For four days, from 29 December to 01 January, we repeatedly roamed the streets on foot and by car, extending our search beyond our neighbourhood of Hochland Park into the surrounding areas, but there was no sign of Duma anywhere. On New Year’s Day, we received a call from someone whom we’d asked to keep a lookout for Duma. He had seen a large dog fitting Duma’s description running on the ‘middelmannetjie’ (the central reservation) on one of the large roads out of central Windhoek.
We drove straight out to the identified area, and circled all the surrounding streets, asking people everywhere whether they had seen a dog fitting Duma’s description. We got absolutely nowhere.
The next day, which was Saturday, 02 January, the SPCA just up the road in Maerua Park called. A large dog had been brought in by people living in Hochland Park, a few roads away from our house. They wanted us to come and check whether this was Duma.
When we arrived at the SPCA Duma recognised us immediately. His face lit up, his tail whipped side to side, and he panted with happiness. While Lissi and Richard went into the office to sort out the formalities and to get the contact details of the wonderful people who brought him back, I hugged Duma, who was just soooo happy to see us.
Then we had to get him into the car somehow, which was a little tricky, because he wasn’t used to driving. We didn’t know how he would react, whether he would panic or vomit with excitement, so I sat at the back next to him, stroking him and trying to keep him steady and calm. He was amazing. He didn’t LIKE the drive, but he sensed that we were taking him home and that we didn’t mean any harm.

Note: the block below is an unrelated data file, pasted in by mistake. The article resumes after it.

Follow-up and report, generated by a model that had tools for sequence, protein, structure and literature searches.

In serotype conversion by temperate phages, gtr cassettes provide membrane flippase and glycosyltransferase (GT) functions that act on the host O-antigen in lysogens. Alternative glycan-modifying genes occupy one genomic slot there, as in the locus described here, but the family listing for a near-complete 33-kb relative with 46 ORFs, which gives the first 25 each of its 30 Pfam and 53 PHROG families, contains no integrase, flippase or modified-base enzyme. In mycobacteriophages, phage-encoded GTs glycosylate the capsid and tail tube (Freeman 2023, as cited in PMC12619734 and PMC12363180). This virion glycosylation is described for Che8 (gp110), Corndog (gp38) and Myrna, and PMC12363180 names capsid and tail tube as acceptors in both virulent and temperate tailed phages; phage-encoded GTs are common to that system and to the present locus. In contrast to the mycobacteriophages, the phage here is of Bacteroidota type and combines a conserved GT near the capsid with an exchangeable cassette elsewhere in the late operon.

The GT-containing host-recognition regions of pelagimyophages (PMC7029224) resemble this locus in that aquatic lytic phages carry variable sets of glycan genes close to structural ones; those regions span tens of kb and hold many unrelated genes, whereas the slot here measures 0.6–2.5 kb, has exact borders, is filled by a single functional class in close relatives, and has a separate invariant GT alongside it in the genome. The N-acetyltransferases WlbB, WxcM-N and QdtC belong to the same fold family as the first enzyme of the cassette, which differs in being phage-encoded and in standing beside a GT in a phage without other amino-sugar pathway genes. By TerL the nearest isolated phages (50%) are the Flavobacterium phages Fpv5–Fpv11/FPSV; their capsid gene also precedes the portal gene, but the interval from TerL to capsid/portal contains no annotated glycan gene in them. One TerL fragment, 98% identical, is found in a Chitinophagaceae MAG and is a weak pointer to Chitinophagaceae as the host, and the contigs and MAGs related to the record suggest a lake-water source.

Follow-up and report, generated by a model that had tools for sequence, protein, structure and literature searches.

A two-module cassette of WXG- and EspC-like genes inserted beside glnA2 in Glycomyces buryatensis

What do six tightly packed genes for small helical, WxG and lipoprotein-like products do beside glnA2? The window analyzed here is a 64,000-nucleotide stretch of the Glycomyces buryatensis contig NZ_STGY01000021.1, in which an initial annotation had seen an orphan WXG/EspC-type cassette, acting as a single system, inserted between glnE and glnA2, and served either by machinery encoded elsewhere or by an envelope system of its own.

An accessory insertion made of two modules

He had, however, rolled in something unmentionable, and stank to high heaven. Perhaps he thought it was a perfume that would attract the ladies, but MAN, did it STINK! And now, so did I, because I’d been holding onto him to stop him falling over in the car. But, honestly, I didn’t care. I was just so excited and relieved that he was safe. A good shower would wash off anything!
When we got home, we took him straight into our yard. And we gave him a wash! Much to our amazement, he didn’t put up a fight at all, as Tanya covered him with soapsuds, rubbing and scrubbing to remove whatever decaying matter it had been that he had applied to his ruff with such enthusiasm. He stood patiently, head hanging down, while we scrubbed him clean, and then rinsed off all the dog shampoo with copious amounts of water. As soon as we released him, he shook himself vigorously, so we all got a nice little shower too.
As a reward – and a welcome-home present, we gave him a large steak bone. Although he was ecstatic, he again surprised us with his complete lack of greed. He gently took the bone from Lissi’s hand, and placed it on the grass patch in front of the house. He licked it once, then came back to say ‘thank you’ to everyone, by nudging us and giving a quick lick, and only when we reassured him that the bone was his to enjoy, did he settle down and start chomping and chewing.
We fetched his food and water bowls and pellet dispenser from the neighbours and placed them inside the covered stoep. We were planning to keep him on our property that night, rather than risking another escape.